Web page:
It's the story of FantasticLand, a theme park built by its eccentric creator as a rival to the Disney and Universal resortThis book was SO. MUCH. FUN.
It's the story of FantasticLand, a theme park built by its eccentric creator as a rival to the Disney and Universal resorts. When a hurricane hits Florida in late 2017, the area around the park is completely flooded, and FantasticLand ends up being cut off from the mainland for more than a month. After reassurances from its board of directors that the hundreds of employees stranded there have everything they need to survive comfortably, it's bumped down the list of priorities for rescue efforts. But when the National Guard finally reach the park, they are faced with an unbelievably grisly scene: bodies hung from rides, decapitated heads on spikes, blood and bones spattered and strewn everywhere. It emerges that, having banded into tribes, the remaining survivors have been waging an intense, bloody battle with each other. Through interviews with subjects ranging from a 'FantasticLand historian' to the notorious leader of the Pirate tribe, journalist Adam Jakes assembles a loosely chronological account of what went so horribly wrong.
This is, ultimately, horror, but it's the 'violence ordinary people are capable of in desperate circumstances' type of horror, not the ghosts/vampires/demons kind. It's fascinating getting to know the background of this place, and I actually think the exposition was my favourite part. The worldbuilding is just so thorough: if the premise sounds stupidly far-fetched, it doesn't feel like it by the time you've taken in the history of FantasticLand and understand its company culture. The 'battle of the tribes' itself is less enjoyable, or at least it was for me: I'm not fond of long, complicated action scenes, which appear frequently in the final third of the book. I'd also have loved to know more about what the deal was with the Warthogs, although thinking about it, I'm glad a bit of ambiguity was left in. It makes the story scarier.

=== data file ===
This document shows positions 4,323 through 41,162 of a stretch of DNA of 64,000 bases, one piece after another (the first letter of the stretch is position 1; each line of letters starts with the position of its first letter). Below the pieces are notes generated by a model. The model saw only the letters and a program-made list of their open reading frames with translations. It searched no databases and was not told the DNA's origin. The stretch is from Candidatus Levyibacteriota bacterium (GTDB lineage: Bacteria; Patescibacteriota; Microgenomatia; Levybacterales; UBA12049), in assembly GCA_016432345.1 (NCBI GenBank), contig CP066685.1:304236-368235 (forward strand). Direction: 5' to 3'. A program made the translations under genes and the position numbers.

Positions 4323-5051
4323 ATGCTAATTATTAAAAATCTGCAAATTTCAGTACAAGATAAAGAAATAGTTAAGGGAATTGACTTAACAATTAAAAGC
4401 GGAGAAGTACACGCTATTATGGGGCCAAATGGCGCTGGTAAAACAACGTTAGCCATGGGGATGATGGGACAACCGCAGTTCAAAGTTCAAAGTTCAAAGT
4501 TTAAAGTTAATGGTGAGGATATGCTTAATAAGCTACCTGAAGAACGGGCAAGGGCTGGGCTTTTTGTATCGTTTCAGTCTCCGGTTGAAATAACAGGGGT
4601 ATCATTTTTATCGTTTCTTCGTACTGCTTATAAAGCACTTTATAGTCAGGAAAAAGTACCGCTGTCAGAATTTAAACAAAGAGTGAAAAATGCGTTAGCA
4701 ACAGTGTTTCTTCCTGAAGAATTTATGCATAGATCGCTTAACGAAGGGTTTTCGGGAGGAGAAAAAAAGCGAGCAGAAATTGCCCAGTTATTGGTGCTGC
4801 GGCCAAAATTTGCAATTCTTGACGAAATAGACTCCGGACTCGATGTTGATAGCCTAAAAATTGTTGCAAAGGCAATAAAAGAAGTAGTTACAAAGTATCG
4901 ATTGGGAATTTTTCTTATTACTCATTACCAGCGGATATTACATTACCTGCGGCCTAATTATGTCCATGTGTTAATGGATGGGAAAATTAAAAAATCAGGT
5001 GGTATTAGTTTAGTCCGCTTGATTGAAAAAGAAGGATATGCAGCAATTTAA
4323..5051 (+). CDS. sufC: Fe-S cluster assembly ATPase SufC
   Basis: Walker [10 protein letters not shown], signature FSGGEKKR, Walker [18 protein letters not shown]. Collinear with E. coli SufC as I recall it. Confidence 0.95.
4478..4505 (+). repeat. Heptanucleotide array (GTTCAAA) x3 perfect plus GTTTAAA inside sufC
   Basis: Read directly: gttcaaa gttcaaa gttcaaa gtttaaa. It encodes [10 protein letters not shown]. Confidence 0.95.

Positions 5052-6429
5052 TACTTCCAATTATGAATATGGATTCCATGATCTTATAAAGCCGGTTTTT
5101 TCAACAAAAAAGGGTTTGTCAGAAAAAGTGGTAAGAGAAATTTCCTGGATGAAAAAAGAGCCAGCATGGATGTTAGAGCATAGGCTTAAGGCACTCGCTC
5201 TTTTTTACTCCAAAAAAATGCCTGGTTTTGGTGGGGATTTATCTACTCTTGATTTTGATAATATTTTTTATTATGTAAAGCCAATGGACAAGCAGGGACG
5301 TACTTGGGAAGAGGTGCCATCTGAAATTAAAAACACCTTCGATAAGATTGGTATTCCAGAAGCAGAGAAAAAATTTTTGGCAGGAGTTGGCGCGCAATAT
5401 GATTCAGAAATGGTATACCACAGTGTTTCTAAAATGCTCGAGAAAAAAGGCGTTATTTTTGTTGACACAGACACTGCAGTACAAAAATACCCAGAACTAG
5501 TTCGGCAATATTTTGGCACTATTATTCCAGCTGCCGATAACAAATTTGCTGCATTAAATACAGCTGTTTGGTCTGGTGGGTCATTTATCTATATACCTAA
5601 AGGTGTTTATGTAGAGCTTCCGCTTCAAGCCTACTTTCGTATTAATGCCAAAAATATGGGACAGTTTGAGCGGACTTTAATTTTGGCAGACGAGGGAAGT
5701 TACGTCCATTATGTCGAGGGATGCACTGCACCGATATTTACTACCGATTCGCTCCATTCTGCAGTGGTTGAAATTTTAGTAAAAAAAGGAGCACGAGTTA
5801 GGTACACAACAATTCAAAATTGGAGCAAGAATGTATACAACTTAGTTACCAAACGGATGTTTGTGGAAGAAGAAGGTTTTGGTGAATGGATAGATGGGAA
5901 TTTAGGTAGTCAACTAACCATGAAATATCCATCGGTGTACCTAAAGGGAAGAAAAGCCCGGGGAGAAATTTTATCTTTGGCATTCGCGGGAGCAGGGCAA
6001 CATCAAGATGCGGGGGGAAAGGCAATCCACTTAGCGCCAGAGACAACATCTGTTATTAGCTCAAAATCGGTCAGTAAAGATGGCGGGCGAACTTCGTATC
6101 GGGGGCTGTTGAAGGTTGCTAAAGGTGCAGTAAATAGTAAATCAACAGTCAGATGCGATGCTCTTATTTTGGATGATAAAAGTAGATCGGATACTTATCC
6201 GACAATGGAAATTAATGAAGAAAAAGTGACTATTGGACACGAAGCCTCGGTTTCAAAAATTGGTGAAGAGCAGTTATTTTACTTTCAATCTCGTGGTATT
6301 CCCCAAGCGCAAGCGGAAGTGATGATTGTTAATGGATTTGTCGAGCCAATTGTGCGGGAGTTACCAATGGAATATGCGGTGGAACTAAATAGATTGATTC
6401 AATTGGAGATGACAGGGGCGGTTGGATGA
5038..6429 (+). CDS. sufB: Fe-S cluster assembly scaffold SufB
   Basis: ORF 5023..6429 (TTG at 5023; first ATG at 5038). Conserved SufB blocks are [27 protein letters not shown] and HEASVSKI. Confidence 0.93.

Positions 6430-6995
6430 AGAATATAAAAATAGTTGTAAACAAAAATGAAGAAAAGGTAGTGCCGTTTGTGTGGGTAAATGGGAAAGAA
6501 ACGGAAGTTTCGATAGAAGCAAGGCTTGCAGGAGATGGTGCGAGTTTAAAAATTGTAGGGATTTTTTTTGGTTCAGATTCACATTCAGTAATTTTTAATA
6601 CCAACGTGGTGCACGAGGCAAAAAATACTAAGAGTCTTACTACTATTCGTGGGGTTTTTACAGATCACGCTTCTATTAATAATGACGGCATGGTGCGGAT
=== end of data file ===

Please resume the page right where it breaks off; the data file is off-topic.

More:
I've just read the whole description on the Goodreads page, and I think the idea of this being a novel which 'probes the consequences of a social civilisation built online' is overemphasised. The idea that these young people are used to constant stimulation, and the sudden absence of that is what makes them turn so rapidly to violence, is mentioned a few times as a theory, but it's definitely not what the story is about. This paragraph is a bit apropos-of-nothing, but I'm putting it in because I think the blurb makes FantasticLand sound a bit like a tedious anti-social-media parable. It isn't that.
If you liked Sarah Lotz's The Three, I'd recommend this. The different voices and the fact that it's framed as a book about a real-life event make the parallel obvious, and there's a similar sense of dread hanging over the whole thing. It's also equally engaging and readable.
(Incidentally, I'd love to read more books like this. I'm aware of World War Z, which I would consider, but I'm just not really interested in zombies; and I've read Six Stories, which presents its story through transcripts of a fictional podcast. If you know of any other (ideally non-zombie) horror novels that take the 'oral history' approach, tell me!)
I've been trying out Kindle Unlimited recently. So far it's been slim pickings: many of the books available for free are self-published and either a)I've been trying out Kindle Unlimited recently. So far it's been slim pickings: many of the books available for free are self-published and either a) conceptually good but desperately in need of editing or b) just all-round bad. So it was a very pleasant surprise when I started Abbot's Keep and found it to be an assured, well-written and atmospheric ghostly tale.
This is an epistolary story, set in the 1980s, but with a timeless air. Eminent barrister Clifford Fox receives an unsettling account of disturbing events from his brother, Simon. Both well-bred Oxford graduates, the pair were once known as 'the fabulous Fox brothers', destined for preordained greatness; but Simon, an architect, suffered professional disgrace and became an alcoholic. Now – after leaving rehab – he claims to be living rough, on the run from dark entities unknown. In letters to his wife, Clifford lays out his plan: he is certain that Simon has succumbed to his addiction once again and become delusional, and despite their estrangement, he feels bound to help his brother. Meanwhile, we are drip-fed extracts from Simon's story, in which he has some rather sinister encounters at a house named Abbot's Keep...
Abbot's Keep started off providing everything I want in a ghost story: convincing characters, evocative settings, creepy details and the promise of secrets. The scene in which Simon makes a grim discovery is also superb. Where it stopped working quite so well for me was in Simon's sudden unravelling and the gory climax. If the first half of the book evokes the classic Victorian ghost story, the conclusion is firmly in the horror category. I'd have preferred a more subtle resolution and a gentler fate for the blameless Clifford. Still: good stuff for a freebie.